Lucas Boyce: An executive with the Orlando Magic responsible for community relations, Boyce's remarkable life story inspired a reader's nomination for Central Floridian of the Year. Born to a drug-addicted teenage prostitute, he was placed with a foster mother who adopted and raised him. He overcame early health problems, developmental delays and the bigotry of schoolmates to become an honor student. In college he landed a highly coveted internship on Capitol Hill, which led to a chance encounter with President Bush and a job at the White House and, ultimately, to his position with the Magic. Magic, indeed.
Tim McKinney: Bithlo has long been Orange County's inside joke. But McKinney, an Orange County resident, but a Bithlo outsider, didn't see the humor in high rates of poverty, illiteracy and well-water coursing with arsenic and old lead. So, the former foreign-aid worker turned the focus of his grassroots organization, United Global Outreach, to bringing a private school, a permanent medical clinic and corporate first aid to the West Orange community. He also helped persuade Lynx to add bus lines closer to the community. And in so doing, he showed that concern — not laughter — is the best medicine.
Sandy Shugart: The president of Valencia College since 2000, Shugart might have had his best year yet in 2011. In December, Valencia was named the nation's top community college in a ceremony attended by U.S. Education Secretary Arne Duncan. In September, Shugart went to the White House to share his ideas about education with other community college leaders and Obama administration officials. Valencia, with more than 70,000 students between its campuses in Orange and Osceola counties, boasts high graduation and job-placement rates despite ranking near the bottom among Florida colleges for state funding.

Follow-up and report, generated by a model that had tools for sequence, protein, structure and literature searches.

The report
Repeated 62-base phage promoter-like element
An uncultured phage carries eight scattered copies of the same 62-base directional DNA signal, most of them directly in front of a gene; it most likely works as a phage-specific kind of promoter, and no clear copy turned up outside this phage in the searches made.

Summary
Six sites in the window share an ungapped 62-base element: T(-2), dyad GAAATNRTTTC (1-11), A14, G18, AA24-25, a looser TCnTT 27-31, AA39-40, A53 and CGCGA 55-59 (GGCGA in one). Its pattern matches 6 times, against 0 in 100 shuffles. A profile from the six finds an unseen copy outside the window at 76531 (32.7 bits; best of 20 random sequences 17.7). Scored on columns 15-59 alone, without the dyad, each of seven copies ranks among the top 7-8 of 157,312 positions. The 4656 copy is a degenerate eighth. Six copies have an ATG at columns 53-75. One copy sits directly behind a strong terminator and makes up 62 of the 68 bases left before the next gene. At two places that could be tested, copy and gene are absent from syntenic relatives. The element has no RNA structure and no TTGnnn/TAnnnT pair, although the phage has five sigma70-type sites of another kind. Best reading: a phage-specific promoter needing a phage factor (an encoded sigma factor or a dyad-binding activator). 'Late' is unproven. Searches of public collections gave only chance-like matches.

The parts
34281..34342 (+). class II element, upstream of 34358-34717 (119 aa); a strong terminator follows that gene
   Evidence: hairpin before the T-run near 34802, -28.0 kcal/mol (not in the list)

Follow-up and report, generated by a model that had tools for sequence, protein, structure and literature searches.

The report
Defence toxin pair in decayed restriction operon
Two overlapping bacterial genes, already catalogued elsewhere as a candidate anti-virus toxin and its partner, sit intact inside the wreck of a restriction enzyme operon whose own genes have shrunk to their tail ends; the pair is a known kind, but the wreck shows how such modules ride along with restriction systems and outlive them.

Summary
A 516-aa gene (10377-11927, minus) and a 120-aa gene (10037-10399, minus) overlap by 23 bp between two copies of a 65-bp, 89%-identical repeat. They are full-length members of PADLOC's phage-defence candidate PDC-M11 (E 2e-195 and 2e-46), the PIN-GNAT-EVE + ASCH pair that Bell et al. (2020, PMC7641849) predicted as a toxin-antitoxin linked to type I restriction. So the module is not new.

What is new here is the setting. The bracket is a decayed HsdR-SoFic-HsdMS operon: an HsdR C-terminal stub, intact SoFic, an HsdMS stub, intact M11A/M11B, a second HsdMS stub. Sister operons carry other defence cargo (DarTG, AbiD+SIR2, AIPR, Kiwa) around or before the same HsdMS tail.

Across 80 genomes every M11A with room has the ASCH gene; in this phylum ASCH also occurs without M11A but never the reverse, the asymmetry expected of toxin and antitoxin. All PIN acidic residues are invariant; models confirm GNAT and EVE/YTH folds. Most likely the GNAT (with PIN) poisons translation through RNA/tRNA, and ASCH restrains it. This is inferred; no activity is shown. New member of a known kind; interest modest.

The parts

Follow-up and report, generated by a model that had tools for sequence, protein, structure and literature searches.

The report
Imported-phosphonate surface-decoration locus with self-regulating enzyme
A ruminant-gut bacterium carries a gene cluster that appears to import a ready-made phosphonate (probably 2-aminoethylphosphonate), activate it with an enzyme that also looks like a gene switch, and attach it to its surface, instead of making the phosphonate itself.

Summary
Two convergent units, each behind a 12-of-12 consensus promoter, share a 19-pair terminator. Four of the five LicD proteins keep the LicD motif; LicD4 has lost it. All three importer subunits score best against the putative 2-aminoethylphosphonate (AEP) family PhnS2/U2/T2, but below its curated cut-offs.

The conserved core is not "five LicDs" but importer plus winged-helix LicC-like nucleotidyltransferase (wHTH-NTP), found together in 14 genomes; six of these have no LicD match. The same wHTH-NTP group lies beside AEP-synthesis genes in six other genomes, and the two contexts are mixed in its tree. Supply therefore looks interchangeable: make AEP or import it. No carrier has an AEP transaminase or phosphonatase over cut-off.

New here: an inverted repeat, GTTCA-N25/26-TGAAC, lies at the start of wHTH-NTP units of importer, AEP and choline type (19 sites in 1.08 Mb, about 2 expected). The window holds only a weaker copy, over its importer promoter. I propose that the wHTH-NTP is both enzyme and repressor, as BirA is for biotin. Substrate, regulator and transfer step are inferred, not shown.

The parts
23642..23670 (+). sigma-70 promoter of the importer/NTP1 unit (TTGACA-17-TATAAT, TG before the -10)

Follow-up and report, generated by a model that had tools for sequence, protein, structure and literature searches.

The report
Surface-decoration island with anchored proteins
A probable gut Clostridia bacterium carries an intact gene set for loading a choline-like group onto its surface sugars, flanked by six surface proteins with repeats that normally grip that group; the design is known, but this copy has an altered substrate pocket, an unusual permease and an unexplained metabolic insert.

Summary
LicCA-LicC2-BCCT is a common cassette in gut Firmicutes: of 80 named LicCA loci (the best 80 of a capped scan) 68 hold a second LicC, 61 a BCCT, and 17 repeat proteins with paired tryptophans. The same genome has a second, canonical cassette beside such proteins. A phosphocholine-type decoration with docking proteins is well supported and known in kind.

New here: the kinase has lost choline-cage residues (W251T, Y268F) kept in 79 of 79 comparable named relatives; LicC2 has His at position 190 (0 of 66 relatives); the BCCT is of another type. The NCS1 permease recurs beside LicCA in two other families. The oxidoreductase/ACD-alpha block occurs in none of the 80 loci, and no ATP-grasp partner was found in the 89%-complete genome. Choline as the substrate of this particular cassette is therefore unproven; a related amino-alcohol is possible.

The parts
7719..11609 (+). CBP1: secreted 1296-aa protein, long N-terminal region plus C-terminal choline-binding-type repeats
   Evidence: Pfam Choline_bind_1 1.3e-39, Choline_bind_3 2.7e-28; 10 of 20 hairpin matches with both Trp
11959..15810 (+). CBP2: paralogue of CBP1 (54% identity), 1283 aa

Rick Walsh: A former Darden Restaurants executive, Walsh was drafted in September to help straighten out Workforce Central Florida. The region's job-development agency was discredited for its dubious spending of taxpayer dollars, like buying red super-hero capes for the unemployed. Walsh was chosen for a similar Mr. Fix-it role in 2010 with Florida's Blood Centers, the region's largest blood bank, after scandals forced a house-cleaning in its top ranks. A UCF graduate and former chairman of its board of trustees, Walsh has earned the community's regard for years of service to business, civic and cultural groups.
Carol Wick: For someone who spends so much time around tragedy, Wick is amazingly upbeat. And innovative. Just ask Orlando Police Chief Paul Rooney, among those who nominated Wick for Central Floridian of the Year for her service as CEO of Harbor House, Orange County's domestic-abuse haven for women and children and, soon, their pets. Harbor House broke ground on a facility that'll not only store in-kind donations but will also be a home for pets that victims of domestic violence are loathe to leave behind. Wick is "a visionary who serves as a champion for all victims of domestic abuse," Rooney wrote. Well said.Copyright © 2015, The Baltimore Sun